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Digital Archive International History Declassified

November 01, 1962


This document was made possible with support from the Leon Levy Foundation

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    Prato and Pinto discuss Brazilian efforts to pursuade Cuba to accept inspectors as well as what a potential U.S. attack would mean for diplomatic relations in the region.
    "Telegram from Israeli Embassy in Havana (Prato), to Israeli Foreign Ministry, Jerusalem," November 01, 1962, History and Public Policy Program Digital Archive, File MFA 3440\20, Israel State Archive (ISA), Jerusalem, Israel; obtained and translated from Hebrew by Guy Laron.
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 Following a conversation that I had with the Brazilian ambassador [Luis Bastian Pinto] who kept in close contact with the [Cuban] President, Prime-Minister and Foreign Minister since the crisis started:

A. The Brazilian government had been making strenuous efforts to convince Castro to to accept observers [i.e., inspectors] from the U.N. or any other party which would monitor the dismantlement of the bases. [Brazilian leader João] Goulart’s personal envoy [Albino Silva], who reached [Havana] on the 29th, went back yesterday to Brazil empty-handed. His mission was also related to domestic Brazilian issues.

B. The [Brazilian] ambassador saw [UN Acting Secretary-General] U Thant and his colleagues after their first meeting with the Cubans on the 30th and found them surprised by Castro’s insistence on rejecting the proposal to allow observers [into the island]. In view of his refusal, several other proposals were aired which were not prepared in advance just to keep the negotiations going, but all for naught. The content of the meeting on the 31st was secret and both sides promised not to leak any details.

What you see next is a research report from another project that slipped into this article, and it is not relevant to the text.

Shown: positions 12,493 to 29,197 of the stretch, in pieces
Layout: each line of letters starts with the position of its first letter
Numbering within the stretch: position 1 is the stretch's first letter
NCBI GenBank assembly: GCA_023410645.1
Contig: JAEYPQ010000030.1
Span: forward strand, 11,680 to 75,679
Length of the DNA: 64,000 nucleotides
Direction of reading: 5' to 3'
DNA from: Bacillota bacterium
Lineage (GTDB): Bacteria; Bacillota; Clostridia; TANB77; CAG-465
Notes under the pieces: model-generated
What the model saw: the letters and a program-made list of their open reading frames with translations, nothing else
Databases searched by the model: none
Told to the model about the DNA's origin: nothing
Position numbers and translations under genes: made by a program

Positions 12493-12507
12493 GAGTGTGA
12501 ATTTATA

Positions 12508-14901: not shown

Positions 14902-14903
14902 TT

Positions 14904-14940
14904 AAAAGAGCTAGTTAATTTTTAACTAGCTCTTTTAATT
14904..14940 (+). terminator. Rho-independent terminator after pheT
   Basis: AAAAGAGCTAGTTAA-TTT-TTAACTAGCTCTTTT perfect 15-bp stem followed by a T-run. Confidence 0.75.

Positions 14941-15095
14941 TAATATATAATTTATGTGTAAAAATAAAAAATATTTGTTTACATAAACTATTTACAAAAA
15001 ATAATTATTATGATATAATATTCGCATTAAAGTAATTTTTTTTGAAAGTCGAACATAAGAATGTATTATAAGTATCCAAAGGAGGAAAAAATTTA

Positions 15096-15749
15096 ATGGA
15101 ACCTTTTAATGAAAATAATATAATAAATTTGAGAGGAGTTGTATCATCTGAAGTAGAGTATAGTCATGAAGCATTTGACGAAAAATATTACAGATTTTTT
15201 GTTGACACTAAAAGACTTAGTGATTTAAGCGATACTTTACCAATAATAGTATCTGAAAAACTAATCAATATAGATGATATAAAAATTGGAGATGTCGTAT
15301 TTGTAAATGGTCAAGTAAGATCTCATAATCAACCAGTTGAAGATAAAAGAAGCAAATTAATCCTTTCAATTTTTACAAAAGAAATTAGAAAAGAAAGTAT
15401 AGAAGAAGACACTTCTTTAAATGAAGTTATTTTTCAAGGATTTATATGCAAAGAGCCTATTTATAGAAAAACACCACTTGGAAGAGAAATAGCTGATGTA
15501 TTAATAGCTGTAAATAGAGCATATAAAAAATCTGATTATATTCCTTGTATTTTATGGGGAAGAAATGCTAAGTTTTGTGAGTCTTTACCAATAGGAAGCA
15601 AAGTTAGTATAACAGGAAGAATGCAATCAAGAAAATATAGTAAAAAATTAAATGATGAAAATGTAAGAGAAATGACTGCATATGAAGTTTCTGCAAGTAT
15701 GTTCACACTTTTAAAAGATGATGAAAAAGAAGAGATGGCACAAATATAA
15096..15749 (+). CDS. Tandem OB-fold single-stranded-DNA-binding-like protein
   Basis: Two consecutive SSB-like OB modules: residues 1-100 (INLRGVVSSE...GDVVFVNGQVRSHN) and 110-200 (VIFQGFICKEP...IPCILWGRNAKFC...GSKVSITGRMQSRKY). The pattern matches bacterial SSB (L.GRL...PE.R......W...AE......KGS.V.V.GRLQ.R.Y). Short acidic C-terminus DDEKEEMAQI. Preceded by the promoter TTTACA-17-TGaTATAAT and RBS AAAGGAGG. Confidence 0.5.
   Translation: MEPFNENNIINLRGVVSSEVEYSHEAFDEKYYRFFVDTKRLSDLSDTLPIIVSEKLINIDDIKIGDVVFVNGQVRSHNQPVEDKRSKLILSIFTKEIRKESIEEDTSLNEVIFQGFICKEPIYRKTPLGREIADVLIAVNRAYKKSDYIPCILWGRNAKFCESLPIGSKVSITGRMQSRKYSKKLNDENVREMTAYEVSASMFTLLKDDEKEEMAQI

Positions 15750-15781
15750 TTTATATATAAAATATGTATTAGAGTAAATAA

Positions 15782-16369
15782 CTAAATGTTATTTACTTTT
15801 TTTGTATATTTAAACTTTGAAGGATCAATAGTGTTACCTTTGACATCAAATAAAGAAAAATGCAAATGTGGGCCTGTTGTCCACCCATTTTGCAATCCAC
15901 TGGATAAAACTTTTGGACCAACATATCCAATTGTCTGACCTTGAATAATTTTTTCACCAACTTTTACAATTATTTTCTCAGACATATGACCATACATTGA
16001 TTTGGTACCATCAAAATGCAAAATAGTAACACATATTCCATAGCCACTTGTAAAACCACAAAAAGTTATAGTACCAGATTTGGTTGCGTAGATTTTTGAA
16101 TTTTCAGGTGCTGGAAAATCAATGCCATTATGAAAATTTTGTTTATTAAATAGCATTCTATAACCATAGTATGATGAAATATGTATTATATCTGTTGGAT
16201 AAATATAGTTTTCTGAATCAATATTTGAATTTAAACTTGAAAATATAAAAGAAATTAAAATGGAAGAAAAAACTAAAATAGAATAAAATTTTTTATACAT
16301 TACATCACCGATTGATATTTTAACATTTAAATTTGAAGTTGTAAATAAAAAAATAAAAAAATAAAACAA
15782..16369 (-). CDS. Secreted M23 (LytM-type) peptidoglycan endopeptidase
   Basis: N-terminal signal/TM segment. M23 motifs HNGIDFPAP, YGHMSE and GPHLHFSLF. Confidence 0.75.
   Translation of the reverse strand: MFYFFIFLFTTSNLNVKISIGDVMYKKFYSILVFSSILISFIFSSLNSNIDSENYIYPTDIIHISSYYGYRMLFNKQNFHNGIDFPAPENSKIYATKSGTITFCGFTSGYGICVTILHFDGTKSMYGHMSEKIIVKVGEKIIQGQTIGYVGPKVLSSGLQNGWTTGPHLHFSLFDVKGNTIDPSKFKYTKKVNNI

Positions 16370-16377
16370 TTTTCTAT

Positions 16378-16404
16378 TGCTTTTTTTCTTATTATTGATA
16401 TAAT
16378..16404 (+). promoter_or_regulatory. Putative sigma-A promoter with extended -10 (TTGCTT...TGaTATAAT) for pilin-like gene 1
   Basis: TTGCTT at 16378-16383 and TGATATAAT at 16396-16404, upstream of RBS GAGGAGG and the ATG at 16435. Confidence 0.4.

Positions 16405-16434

C. U Thant said that the Americans insisted on sending observers, and the Cubans did not fully understand this fact.

D. On the night between the 27th and the 28th, the President [Osvaldo Dorticós Torrado] called the Brazilian ambassador to tell of an imminent US attack within the next 24 hours and asked for Brazil’s intervention. The very same night, the ambassador received a cable from Goulart repeating the same story. Following an instruction to approach the Cubans, he asked them to accept observers as the only alternative to an American invasion, but the Cubans were not willing to agree. The attack did not materialize probably because of Khrushchev’s last message to Kennedy on the 29th [sic-28th].

E. The Kennedy-Khrushchev deal irritated Castro. The Foreign Minister [Raul Roa] explicitly said so to the [Brazilian] ambassador and added that they would not agree to any settlement that did not involve Cuba even if the Soviets supported that arrangement. So much for what the ambassador had said. My assessment: Castro’s rigid position possibly emanates either from a sense of despair or a feeling of strength. After he understood that the Soviets were unwilling to confront the US over Cuba, he [Castro] was trying to exploit their [i.e. the Soviets’] interest in reaching a compromise and extort them [to give concessions or rewards] by putting forward extreme positions which foil their plans.

F. The points Castro presented as a sufficient guarantee for the security of his country against the US attack were actually demands from Moscow that went behind his back and agreed to dismantle the bases in exchange for the US non-intervention. The fact that [Anastas] Mikoyan was coming showed that the Soviet Union could not allow itself to alienate Castro in its deal with the US. This was a propaganda victory for Castro. The game is very dangerous right now because there is no way of telling Castro’s response.

[Jonathan] Prato